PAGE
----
Big Apple Patch Includes 11th Hour iPhone Fix
In addition to addressing dozens of vulnerabilities in Mac OS X and Safari for Windows, Apple's latest mega patch includes the first iPhone fix. Apple had just two weeks to fix the iPhone problem after the Independent Security Evaluators discovered the flaw and promised to reveal their findings at the Black Hat Conference taking place this week in Las Vegas.
Apple released three security updates Tuesday that correct a slew of bugs, including a hole discovered last week in the one-month-old iPhone.
This is Apple's seventh security update this year. The bundled patches address approximately 45 vulnerabilities in the Mac OS X operating system, the Safari browser for Windows beta, and the iPhone.
The update fixes a lot of issues -- some critical, some not so critical -- and all Mac users should make sure they install it, Rob Ayoub, an analyst at Frost & Sullivan, told MacNewsWorld.
"It's a cumulative update," he said, "so anyone running an OS X platform really should get it."
The iPhone 1.0.1 update came in just under the wire and beat the Aug. 2 deadline set by the Independent Security Evaluators (ISE), which found the vulnerability. Researchers Charles Miller, Jake Honoroff and Joshua Mason set the clock ticking when they notified Apple of the flaw and gave the company two weeks to fix the problem before a planned presentation at the annual Black Hat conference in Las Vegas.
The patch corrects two flaws in the Safari browser (one that could lead to arbitrary code execution), two more in Webkit, and one in Webcore -- a Webkit component that handles HTML (Hypertext Markup Language) rendering on Macs. The bugs deal with the phone's browsing functionality; if left unpatched, they could make the device vulnerable to cross-site scripting and address-spoofing.
The two more serious flaws found in Safari and Webkit could give a hacker the ability to execute attack code on unpatched iPhones. Users who visit a maliciously crafted Web page could open themselves to an exploit through which a criminal could gain access to SMS (short message service) messages, the address book, call history and voice mail data.
Like the iPod, Apple has designed the iPhone to receive updates via iTunes; users looking for the security update in their Software Update application or on Apple's Support Downloads site will not find it there.
To install the patch, iPhone users will need an Internet connection and the latest version of iTunes, Apple said. When the iPhone is connected to the computer, iTunes will give the user the option to install the update. Those who select "don't install" will have the option to get the update the next time the phone is connected, but Apple cautioned iPhone users not to wait.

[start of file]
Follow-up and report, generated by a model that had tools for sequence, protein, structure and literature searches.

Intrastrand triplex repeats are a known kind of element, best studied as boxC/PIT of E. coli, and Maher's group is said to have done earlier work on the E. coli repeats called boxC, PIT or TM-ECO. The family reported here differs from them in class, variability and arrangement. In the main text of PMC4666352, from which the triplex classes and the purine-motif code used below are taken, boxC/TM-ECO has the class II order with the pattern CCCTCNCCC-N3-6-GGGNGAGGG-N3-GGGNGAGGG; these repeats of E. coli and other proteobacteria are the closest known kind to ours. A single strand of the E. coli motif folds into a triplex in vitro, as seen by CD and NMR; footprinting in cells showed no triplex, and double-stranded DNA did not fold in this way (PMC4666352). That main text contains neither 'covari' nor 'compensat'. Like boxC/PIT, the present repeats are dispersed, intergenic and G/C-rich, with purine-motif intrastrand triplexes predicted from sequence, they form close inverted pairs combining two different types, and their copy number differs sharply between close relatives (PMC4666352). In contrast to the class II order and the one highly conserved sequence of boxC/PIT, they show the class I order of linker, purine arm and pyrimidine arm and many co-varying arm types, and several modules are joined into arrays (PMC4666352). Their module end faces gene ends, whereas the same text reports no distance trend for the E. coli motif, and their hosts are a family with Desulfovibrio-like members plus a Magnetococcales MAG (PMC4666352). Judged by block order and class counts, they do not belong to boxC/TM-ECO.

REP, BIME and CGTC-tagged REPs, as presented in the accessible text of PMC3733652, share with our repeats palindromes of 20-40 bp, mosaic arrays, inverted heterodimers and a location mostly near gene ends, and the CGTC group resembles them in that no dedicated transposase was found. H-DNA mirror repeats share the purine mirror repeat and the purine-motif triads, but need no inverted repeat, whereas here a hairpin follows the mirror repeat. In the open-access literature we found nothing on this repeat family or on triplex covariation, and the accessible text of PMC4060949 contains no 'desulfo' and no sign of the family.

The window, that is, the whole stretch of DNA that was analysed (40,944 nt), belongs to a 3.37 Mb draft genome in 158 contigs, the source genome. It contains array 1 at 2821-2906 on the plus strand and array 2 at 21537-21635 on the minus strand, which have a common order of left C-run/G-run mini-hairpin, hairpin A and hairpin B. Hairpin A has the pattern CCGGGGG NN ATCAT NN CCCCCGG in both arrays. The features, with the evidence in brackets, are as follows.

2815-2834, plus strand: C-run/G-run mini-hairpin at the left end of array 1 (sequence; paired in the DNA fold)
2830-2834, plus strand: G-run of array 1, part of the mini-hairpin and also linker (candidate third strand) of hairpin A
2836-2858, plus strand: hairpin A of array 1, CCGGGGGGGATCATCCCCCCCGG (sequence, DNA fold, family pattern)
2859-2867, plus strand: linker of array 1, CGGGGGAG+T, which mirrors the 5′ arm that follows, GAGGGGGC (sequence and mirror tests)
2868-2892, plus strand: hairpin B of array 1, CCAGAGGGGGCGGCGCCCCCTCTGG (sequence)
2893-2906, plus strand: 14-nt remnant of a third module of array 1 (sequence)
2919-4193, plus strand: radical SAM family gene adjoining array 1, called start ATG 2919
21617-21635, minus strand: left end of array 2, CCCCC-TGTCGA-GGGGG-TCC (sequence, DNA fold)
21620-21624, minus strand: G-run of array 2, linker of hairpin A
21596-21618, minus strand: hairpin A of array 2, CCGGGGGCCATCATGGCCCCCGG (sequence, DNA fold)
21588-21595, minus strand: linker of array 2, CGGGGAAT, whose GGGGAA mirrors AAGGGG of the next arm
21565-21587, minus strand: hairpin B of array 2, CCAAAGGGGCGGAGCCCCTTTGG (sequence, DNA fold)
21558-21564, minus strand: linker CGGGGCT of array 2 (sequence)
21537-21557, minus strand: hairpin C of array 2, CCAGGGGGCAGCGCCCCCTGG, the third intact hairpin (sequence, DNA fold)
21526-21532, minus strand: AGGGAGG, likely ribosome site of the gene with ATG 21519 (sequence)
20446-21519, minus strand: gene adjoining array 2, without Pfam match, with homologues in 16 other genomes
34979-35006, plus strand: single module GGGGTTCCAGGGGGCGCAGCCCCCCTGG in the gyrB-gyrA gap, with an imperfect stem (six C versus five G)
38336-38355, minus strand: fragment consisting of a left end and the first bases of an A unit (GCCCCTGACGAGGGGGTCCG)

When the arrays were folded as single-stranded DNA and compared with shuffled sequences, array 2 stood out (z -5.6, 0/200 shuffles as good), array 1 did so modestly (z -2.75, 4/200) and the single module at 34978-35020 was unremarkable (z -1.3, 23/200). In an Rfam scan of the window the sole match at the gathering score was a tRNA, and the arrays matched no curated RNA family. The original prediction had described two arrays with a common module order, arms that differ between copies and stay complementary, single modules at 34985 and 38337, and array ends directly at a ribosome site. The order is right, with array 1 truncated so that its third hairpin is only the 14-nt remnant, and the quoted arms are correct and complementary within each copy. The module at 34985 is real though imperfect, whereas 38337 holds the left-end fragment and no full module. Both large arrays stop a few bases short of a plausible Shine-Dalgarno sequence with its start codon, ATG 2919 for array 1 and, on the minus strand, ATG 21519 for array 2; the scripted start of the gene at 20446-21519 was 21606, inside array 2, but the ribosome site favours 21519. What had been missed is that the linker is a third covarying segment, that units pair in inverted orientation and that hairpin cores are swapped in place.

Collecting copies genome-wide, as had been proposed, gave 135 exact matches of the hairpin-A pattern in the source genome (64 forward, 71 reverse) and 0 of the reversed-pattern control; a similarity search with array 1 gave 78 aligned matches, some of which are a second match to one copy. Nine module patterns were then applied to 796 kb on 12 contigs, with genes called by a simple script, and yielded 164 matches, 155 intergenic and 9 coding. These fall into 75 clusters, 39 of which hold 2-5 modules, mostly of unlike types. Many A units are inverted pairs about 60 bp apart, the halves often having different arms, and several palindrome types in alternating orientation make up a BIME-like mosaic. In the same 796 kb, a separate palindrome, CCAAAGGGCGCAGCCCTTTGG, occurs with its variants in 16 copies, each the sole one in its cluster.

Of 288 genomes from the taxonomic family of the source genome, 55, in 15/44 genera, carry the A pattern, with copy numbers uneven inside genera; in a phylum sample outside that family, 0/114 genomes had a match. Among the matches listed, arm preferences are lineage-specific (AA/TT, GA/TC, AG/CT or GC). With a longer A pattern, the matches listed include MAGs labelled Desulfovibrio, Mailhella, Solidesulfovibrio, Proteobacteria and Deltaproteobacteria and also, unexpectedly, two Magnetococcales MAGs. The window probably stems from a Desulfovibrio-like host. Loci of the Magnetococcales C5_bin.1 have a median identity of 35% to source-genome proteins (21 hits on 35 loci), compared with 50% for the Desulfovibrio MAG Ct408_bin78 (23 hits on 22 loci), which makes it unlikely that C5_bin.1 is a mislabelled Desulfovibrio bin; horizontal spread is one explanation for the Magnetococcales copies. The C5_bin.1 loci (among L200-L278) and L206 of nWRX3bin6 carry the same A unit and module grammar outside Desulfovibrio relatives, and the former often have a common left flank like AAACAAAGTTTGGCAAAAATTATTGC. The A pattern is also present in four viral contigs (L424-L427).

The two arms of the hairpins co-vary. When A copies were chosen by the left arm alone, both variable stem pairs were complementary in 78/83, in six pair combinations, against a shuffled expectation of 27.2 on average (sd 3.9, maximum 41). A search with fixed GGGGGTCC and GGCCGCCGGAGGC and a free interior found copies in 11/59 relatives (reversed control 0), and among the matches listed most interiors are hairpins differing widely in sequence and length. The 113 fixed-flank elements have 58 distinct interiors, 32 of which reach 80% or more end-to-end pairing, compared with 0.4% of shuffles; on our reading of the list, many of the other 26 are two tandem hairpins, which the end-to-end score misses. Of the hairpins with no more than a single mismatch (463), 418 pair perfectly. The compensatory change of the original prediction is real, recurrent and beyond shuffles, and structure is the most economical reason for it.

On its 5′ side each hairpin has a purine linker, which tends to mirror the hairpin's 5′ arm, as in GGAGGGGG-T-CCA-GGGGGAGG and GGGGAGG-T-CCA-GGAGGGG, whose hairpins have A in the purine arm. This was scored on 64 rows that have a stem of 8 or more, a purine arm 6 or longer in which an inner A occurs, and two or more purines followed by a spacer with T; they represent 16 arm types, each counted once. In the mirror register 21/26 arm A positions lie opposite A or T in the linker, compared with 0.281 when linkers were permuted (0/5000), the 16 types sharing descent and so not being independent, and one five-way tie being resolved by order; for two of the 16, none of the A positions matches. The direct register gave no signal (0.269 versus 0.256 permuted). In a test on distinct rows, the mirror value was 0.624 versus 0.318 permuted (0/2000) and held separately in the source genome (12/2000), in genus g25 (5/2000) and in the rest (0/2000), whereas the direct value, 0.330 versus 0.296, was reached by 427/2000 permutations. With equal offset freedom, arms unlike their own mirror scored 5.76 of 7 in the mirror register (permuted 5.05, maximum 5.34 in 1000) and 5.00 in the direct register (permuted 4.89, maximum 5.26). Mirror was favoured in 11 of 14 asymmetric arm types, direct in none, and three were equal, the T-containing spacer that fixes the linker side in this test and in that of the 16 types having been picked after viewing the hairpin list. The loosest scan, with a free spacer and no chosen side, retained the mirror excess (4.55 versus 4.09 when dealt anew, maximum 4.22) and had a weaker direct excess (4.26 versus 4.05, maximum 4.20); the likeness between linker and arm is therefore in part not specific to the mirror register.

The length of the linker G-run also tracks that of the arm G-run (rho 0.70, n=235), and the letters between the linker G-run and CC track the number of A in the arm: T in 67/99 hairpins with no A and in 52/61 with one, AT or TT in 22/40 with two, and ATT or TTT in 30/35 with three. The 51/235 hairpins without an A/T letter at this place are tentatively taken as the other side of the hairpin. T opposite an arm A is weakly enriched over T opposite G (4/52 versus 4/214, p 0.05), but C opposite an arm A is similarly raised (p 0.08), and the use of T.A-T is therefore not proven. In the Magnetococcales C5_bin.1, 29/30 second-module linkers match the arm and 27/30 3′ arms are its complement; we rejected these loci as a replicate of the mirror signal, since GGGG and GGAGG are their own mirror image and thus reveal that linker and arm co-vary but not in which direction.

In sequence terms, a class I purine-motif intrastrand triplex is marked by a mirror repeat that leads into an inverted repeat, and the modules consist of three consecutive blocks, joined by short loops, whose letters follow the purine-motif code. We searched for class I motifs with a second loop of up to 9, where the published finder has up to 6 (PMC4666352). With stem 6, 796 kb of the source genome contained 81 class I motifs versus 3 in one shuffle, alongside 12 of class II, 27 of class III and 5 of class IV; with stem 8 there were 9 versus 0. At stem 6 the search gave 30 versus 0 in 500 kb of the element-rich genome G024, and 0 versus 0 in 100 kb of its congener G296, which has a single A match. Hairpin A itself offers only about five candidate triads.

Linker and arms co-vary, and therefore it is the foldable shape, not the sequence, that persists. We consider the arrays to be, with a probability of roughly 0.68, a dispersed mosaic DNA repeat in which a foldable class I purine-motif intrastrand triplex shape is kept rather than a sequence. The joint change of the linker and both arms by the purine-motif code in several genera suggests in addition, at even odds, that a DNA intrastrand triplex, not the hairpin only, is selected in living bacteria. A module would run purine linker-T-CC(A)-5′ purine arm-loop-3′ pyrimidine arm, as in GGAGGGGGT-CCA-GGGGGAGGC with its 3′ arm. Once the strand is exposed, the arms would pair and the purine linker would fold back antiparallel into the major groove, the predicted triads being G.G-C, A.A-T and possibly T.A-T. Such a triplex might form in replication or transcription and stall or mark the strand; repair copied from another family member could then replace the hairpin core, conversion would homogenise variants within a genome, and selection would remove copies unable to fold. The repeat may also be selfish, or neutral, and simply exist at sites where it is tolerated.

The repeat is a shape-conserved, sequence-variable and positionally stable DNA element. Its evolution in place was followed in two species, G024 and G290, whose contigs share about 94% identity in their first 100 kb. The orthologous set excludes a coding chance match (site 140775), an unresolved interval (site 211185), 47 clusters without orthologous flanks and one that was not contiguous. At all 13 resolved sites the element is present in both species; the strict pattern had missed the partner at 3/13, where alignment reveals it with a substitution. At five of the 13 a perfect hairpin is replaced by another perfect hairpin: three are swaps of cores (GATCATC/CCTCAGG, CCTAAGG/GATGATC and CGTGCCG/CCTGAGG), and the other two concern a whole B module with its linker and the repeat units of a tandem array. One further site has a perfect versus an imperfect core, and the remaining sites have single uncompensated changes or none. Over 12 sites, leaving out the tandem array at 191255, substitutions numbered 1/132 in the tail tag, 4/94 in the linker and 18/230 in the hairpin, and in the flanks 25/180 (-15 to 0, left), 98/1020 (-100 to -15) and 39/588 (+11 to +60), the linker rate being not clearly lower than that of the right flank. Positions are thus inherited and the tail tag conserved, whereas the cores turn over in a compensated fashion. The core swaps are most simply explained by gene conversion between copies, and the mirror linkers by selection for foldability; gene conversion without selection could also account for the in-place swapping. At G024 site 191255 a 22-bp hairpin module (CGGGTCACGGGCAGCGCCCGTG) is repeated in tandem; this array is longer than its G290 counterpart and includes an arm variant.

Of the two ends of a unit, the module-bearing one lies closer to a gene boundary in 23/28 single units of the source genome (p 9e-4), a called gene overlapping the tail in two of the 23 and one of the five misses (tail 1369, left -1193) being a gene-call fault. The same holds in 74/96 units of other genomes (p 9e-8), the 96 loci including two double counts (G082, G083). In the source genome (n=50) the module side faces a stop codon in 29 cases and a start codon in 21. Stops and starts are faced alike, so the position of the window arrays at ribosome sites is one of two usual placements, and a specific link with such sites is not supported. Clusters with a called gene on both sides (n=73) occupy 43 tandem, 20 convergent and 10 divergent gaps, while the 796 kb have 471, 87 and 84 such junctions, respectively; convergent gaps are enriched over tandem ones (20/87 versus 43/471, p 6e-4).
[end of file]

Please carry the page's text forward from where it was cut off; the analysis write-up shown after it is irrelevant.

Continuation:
"We recommend applying the update immediately if possible," Apple urged.
The iPhone was out for just one day when a vulnerability in its browser was reported, Rob O'Brien, a security analyst at Sophos, told MacNewsWorld.
"There was also speculation that its insistence on connecting to available WiFi networks could pose a risk," he said.
"Apple has headed off any criticism of its previous security practices by concentrating on 'what Apple users want,'" O'Brien added, noting that "Apple users want to be safe and avoid the pitfalls of operating system vulnerabilities."
An Abundance of Patches
This update marks the seventh time this year Apple released patches for its operating system. While no OS is impervious to bugs or exploits designed to capitalize on flaws in the code, Apple has increased the rate of its updates in part to change the perception that it has been lax on the security front.
"The iPhone took ... a lot of resources internally for Apple to develop, test and put out," Ayoub explained, "and this patch may be indicative -- now that the iPhone is out -- that things are getting a little bit back to normal."
As Apple continues to gain in popularity and add more applications, the company will have to focus more on security.
"Apple has made a very public commitment to increase security, and this is a result of that," Ayoub remarked.
"Vulnerabilities exist in most operating system software," O'Brien pointed out. "It is the rate at which they are detected that determines the rate at which 'fixes' are made. As OS X becomes more ubiquitous and Apple applications are widely adopted, the potential for exploits increases."
The iPhone is an excellent example of convergent media. Is it a computer with a phone, or a phone with a computer? It's both -- and as the company has successfully demonstrated in the past, "Apple knows what its users want," said O'Brien.
"What users want is to maintain existing levels of confidence in the stability and security of the device, whether it is a phone or a computer," he emphasized. "What Apple doesn't want is for someone to have the opportunity to develop an exploit for a known vulnerability in its operating system."